South African President Pieter W. Botha today strongly condemned a proposed meeting between white business leaders and officials of the outlawed African National Congress, the foremost resistance movement fighting white-minority rule here.
Denying newspaper reports that he had given tacit approval to the planned session, Botha issued a statement saying, "I regard such attempts as unwise and even disloyal to the young men who are sacrificing their lives in defending South Africa's safety."
He added, "As long as the ANC is under communist leadership and supports violence in South Africa, there can be no question of me approving discussions with them."
Botha's statement reiterated longstanding policy, emphasizing anew the gap between his position and that of an increasing number of corporate leaders here. They indicate the need for dramatic political change to quell the black violence that has claimed more than 675 lives in the past year and caused political and economic crises.
One of the main steps advocated in a landmark policy statement 10 days ago by four of the country's premier business organizations was that the government should seek to negotiate the country's political future with "the whole spectrum of accepted black leaders," including ANC leaders, such as Nelson Mandela, who are in prison.
Botha has said he would consider releasing Mandela, who is serving a life term for treason, only if the black nationalist leader renounces violence.
The business statement also said meaningful talks could not begin until Botha lifts his July 21 emergency decree, under which 2,527 persons have been arrested and held without charge.
No one here will confirm publicly their involvement in the proposed mission to Lusaka, Zambia, the external headquarters of the exiled congress movement. But a number of prominent businessmen have been linked to the plan, including the chief executives of Anglo-American Corp., Barclays Bank and Barlow Rand, some of the country's largest corporations.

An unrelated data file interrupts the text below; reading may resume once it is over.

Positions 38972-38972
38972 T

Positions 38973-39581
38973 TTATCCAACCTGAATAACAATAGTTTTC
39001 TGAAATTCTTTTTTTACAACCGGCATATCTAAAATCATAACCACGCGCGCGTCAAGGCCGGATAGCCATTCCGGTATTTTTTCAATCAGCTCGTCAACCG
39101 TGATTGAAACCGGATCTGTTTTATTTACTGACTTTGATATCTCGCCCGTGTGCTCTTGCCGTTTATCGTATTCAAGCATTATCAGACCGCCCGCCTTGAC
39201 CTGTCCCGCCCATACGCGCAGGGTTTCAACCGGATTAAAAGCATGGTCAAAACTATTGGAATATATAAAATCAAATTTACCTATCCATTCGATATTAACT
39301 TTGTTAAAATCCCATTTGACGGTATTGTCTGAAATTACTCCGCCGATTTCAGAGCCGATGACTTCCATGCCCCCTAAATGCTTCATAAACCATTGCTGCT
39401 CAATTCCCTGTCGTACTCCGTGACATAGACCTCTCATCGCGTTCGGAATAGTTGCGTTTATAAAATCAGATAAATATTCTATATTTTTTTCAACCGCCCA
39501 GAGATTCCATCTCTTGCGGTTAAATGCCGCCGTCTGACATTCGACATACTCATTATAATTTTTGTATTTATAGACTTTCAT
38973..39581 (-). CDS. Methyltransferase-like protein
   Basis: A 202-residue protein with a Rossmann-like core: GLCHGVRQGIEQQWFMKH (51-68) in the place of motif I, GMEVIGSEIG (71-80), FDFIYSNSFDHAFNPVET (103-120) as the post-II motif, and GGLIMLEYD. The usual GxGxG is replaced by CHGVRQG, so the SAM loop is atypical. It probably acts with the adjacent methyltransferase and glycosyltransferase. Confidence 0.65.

An ANC spokesman last week confirmed plans to hold the meeting in the near future, although he would reveal neither a date nor the names of those involved. He said the organization was eager to discuss with the businessmen the state of emergency, South Africa's political future and Botha's hard-line Durban speech last month in which the president refused to heed calls for change.
A newspaper report here today quoting an unnamed Zambian official said Zambian President Kenneth Kaunda was willing to host the session but believed it would be a futile meeting unless Botha prepares the way by at least issuing a statement of political intent about South Africa's future.
But Botha made clear in his statement today that he had no intention of aiding the talks. He said that contrary to the reports, he had "strongly advised against" a meeting when consulted by an unnamed "leading South African" a few weeks ago.
Botha long has insisted that the ANC is a terrorist organization dominated by Soviet-backed communists. Officials of the movement say it gets military aid from the Soviet Bloc and money from many sources in the West. They contend that it is a broad, nationalistic coalition that includes communists and noncommunists alike.
Police confirmed tonight that one more person died in clashes between police and a crowd of blacks after yesterday's mass funeral in the black township of Guguletu outside Cape Town. Police opened fire with shotguns, rubber bullets and tear gas at crowds of mourners allegedly throwing gasoline bombs and rocks at them.